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8th June 2018 - Salisbury Plain CES session 4

As it's now well into June the early daylight means we are currently leaving Swindon at 0300 to drive the 50 minute journey to get to the site with enough time to get all 14 nets up in time.

On arrival we could hear a Grasshopper Warbler singing from a location away from where any have been this year but as it was on the live artillery firing side of the fence we weren't able to go for it this morning. Best of all a male Nightjar was churring from close to the location where a pair has bred for the last two years so hopefully it's a returning bird rather than just a late migrant.

Catching was steady if a little slow. Warbler numbers are usually exceptionally high on this site but this year numbers of Chiffchaff, Willow Warbler Whitethroat and Blackcap are through the floor. Garden Warbler numbers appear to be stable and if anything, Lesser Whitethroat's have increased this year.

A few 3J's are now starting to be caught, including 2 Lesser Whitethroat's as the first young warblers of the year as well as a family of Linnet and a bit of numbers padding with a large family party of 14 Long-tailed Tit's. The first brood of Swallow pulli were also ringed from the artillery observation bunkers.

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Totals; 47 new, 19 retraps

Swallow 5 pulli, Wren 3(1), Dunnock 2, Robin 2(1), Blackbird 1(1), Lesser Whitethroat 2(1), Whitethroat 1(2) , Garden Warbler 2(5), Blackcap 3(3), Willow Warbler 2(3), Goldcrest (2), Loing Tailed tit 14, Chaffinch 1, Linnet 6, Bullfinch 2, Yellowhammer 1

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28th May 2018 - Salisbury Plain CES session 3

Nets were set under clear skies and the first net round with the rising sun saw a Spotted Flycatcher as the first bird of the morning caught, an unusual spring catch for this site. By the time the second net round started thick fog had rolled in and stayed the rest of the morning.

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A suprise catch in the second net round was a female Nightingale with an advanced brood patch in the territory where a male had been singing for several weeks. Hopefully the reason the male has been quiet the last 2 visits is because this is his mate and there's no further reason to sing seeing that he's the only male left at this site.

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The rest of the catch was fairly run of the mill stuff except for one male Whitethroat that had originally been ringed on 26th August 2013 but had not been retrapped  until today. This bird was ringed as a juvenile and so had made 10 trips migrating across the Sahara and in doing so will have travelled at least 45,000km.

The total catch was fractionally better than CES3 last year with 21 new and 43 retraps.

Wren (2), Dunnock (2), Robin (1), Nightingale (1), Blackbird (3), Song Thrush 2(1), Lesser Whitethroat 1(2), Whitethroat 7(10), Garden Warbler 1(5), Blackcap 5(10), Chiffchaff 1(1), Willow Warbler (1), Goldcrest (2), Spotted Flycatcher 1, Blue Tit (1), Great Tit 2, Bullfinch 1(1)

19th May 2018 - Salisbury Plan CES session 2

An extremely quiet session with numbers well down on the same session for the past 4 years and if it wasn't for the extra nets the total catch would have been pathetic.

The only real bird highlights of the morning were 2 Stock Dove pulli ringed in one of the artillery observation bunkers and a brood on 9 Great Tits in one of the sites nest boxes.

Most of the rest of the mornings free times between nets rounds was spent looking for butterflies but we failed to turn up any Marsh Fritillary or Duke of Burgundy but did find plent of Green Hairstreak.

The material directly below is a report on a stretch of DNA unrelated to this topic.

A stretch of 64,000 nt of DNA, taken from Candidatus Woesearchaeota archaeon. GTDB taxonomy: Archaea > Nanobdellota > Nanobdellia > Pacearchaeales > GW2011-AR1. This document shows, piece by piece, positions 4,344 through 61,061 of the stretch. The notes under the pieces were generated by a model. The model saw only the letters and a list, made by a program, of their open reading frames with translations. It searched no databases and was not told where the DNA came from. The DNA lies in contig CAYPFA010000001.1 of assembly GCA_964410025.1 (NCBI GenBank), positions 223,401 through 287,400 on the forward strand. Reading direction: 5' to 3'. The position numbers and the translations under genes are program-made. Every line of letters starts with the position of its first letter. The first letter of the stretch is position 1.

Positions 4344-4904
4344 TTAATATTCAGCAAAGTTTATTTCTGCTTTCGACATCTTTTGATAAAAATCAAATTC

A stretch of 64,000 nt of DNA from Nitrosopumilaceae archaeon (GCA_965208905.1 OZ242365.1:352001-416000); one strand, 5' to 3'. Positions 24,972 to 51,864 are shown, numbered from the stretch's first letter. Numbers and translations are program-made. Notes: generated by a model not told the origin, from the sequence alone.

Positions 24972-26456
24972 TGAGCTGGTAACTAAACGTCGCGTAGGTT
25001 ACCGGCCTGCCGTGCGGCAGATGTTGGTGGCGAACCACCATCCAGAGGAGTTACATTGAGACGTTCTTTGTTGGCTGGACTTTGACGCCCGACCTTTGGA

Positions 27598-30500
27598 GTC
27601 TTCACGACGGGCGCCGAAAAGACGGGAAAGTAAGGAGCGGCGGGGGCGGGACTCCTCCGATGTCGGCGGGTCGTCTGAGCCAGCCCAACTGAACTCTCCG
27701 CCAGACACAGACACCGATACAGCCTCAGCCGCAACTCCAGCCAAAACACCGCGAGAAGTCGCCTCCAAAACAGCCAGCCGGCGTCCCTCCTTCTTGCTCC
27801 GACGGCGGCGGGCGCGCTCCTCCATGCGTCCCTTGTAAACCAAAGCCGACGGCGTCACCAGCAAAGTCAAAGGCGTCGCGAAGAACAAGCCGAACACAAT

41 new, 26 retrap

Stock Dove 2 pulli, Wren (2), Dunnock 3(1), Robin (2), Blackbird 2(3), Sonh Thrush 2, Lesser Whitethroat (2), Whitethroat 10(6), Garden Warbler 1(5), Blackcap 4(1), Chiffchaff (1), Willow Warbler 1(2), Goldcrest (1), Great Tit 1 & 9 pulli, Linnet 3, Yellowhammer 1, Reed Bunting 2

Green Hairstreak 2 Westdown June 2010

5th May - Salisbury Plain CES session 1

A totally cloudless night meant that any chance of catching lots of migrants wasn't going to happen. While putting up the nets we could hear Cuckoo, a single Nightingale (the only bird left of this sadly declining population) and a Grasshopper Warbler.

First net round produced a couple of Lesser Whitethroats, always a nice bird here and 4 Garden Warblers newly arrived since our last visit 2 weekends ago. What followed next was a bit of a first, the first Dartford Warbler for the site and the first new species I've ringed in the country for a good few years. It was a nice adult male and although this site has a lot of gorse, it's mainly hawthorn scrub on chalk downland so it's unlikely to be breeding and probably just a prospecting bird.

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Whitethroat numbers on site are very high with around 80 noted but as their territories are so small, sometimes just a single gorse bush, we only caught 10. The number of resident birds on site remains worringly low but we did catch some local Linnet, Yellowhammer and Goldfinch.

With the early morning mist quickly burning of it soon became very warm and all bird movement ceased.

The morning ended with 38 new, 21 retraps.

Dartford Warbler 1, Grasshopper Warbler, Garden Warbler 5(2), Blackcap 3, Lesser Whitethroat 2(1), Whitethroat 8(2), Willow Warbler 5(4), Chiffchaff 4(3), Goldfinch 2, Linnet 2, Yellowhammer 2, Song Thrush 2, Robin (2), Wren (1), Long Tailed Tit (1) Blackbird (3)

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28th October 2017 - Savernake area

This is the site where the Willow Tits nested in our box for the past two summers and I am keen to know who is nesting with who, how long they live and how Willow Tits disperse around the Kennet valley. I set up one small temporary feeding station and we only put up a couple of nets as a result.